My patterns themselves come from a wide catchment. I follow a lot of painters, illustrators and weavers online – people who use surface pattern in both 2D and 3D ways. I also try and visit galleries and museums. I tend to take a lot of reference photos of anything I find interesting, from textures and colours to compositions and archaeological finds. 

Honestly, it also largely depends on how I feel the specific day I’m creating; a lot of the time my blocks aren’t fully planned, the patterns and colours just take shape organically once I begin work on them.


5 You teach workshops in ceramics right? How do you find the role of tutor and how does it benefit you/your process?


Yes! I teach kids and adults the potter’s wheel and hand-building, in both private and group classes at The Craft Pottery. It’s fantastic. I love that it gives me the ability to work with a wide variety of people and introduce them to clay. It’s genuinely one of the most rewarding things to see the joy and fulfilment when people create their own work for the first time.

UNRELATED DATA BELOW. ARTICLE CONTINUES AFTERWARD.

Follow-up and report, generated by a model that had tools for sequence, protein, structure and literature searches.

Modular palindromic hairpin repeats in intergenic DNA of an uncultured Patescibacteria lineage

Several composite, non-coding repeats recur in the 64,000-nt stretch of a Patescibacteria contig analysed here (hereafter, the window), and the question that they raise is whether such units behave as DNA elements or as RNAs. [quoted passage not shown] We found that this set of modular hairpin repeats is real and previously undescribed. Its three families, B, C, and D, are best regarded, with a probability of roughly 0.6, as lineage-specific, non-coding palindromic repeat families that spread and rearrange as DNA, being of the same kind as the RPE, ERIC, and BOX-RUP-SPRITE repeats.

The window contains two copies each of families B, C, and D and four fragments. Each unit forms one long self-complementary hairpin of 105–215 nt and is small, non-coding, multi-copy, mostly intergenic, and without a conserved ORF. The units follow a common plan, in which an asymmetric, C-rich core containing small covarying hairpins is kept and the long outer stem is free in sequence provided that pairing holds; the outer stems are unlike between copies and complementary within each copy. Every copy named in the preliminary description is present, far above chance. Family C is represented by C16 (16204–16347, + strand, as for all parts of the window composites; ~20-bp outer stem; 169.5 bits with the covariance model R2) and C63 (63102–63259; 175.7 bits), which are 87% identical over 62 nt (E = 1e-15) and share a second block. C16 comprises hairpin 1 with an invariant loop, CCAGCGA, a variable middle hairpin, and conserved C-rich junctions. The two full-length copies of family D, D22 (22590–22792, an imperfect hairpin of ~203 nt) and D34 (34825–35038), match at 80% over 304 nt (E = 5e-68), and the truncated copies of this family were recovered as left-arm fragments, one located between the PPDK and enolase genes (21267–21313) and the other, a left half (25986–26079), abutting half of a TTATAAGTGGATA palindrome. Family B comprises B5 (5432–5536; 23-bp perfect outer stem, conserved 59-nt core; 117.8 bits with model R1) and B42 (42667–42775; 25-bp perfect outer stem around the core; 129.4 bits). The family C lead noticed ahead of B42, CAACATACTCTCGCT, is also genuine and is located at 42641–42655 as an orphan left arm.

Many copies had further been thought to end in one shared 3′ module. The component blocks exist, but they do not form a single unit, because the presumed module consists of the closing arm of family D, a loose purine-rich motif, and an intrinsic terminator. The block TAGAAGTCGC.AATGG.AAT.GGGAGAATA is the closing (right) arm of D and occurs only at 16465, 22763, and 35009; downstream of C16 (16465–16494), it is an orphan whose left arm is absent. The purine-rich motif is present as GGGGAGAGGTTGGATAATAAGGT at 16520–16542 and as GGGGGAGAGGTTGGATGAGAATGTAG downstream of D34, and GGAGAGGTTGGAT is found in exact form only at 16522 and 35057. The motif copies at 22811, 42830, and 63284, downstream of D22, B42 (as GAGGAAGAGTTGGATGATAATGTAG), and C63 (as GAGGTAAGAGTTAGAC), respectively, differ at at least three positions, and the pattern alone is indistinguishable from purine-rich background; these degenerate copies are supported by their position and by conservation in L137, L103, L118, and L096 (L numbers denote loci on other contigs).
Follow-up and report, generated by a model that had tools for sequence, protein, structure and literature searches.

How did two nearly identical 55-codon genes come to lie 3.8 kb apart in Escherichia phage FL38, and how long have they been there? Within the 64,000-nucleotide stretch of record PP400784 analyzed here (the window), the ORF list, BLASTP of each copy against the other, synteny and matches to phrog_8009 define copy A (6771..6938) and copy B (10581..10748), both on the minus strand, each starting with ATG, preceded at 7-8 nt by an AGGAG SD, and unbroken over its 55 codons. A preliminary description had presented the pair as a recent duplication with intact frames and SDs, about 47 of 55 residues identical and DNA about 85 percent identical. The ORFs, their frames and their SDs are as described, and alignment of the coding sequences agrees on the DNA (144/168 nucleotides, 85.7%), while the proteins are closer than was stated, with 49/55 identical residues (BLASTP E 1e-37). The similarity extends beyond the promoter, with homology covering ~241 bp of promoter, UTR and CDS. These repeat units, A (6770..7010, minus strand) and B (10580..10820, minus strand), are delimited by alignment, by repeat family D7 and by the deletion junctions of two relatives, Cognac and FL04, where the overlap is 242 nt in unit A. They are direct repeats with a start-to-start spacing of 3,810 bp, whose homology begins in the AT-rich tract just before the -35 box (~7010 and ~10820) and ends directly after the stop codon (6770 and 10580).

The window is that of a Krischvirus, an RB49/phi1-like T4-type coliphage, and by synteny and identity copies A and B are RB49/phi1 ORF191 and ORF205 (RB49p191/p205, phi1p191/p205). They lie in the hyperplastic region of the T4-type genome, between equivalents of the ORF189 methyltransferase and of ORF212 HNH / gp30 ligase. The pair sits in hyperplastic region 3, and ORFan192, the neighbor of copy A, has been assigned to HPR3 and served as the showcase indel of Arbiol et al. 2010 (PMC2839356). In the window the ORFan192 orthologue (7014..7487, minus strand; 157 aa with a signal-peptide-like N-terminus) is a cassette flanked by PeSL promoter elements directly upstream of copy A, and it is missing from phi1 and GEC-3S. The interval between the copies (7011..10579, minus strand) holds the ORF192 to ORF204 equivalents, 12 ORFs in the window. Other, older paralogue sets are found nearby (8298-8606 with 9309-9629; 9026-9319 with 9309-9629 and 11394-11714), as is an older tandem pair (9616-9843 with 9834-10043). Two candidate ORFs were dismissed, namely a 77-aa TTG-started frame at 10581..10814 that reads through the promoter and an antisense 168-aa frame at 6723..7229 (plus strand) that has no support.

It benefits my practice because once you start breaking down a process to teach it, you begin to really clarify what you do and exactly how you do it. In that sense teaching others has improved how I create my own work.

6 What’s your relationship with Glasgow? Do you feel you've found your place in the creative community here?

I originally moved here in 2012, before moving to Dundee in 2014 - but I always knew I’d be back. Glasgow feels like home. It’s the perfect city - not too big but not too small, with such an incredibly vibrant and diverse creative scene. 

Getting a space at Glasgow Ceramic Studio opened me up to the wonderful ceramic community here. I was always made to feel so welcomed, and it’s allowed me to settle into and connect with a community of makers within Glasgow. 

Everyone is hugely supportive. I’ve learnt so much from a variety of makers and their techniques because there is no sense of secrecy; people are always happy to share their process and answer questions, so it’s been an incredible learning environment.

7 We always ask our interviewees to pick something from the shop that’s on their wishlist…

This was by far the toughest question! But I had to choose the ‘Need to Feel AAAH Silk Scarf’ because woweeee the colours and pattern are absolutely stunning and right up my street!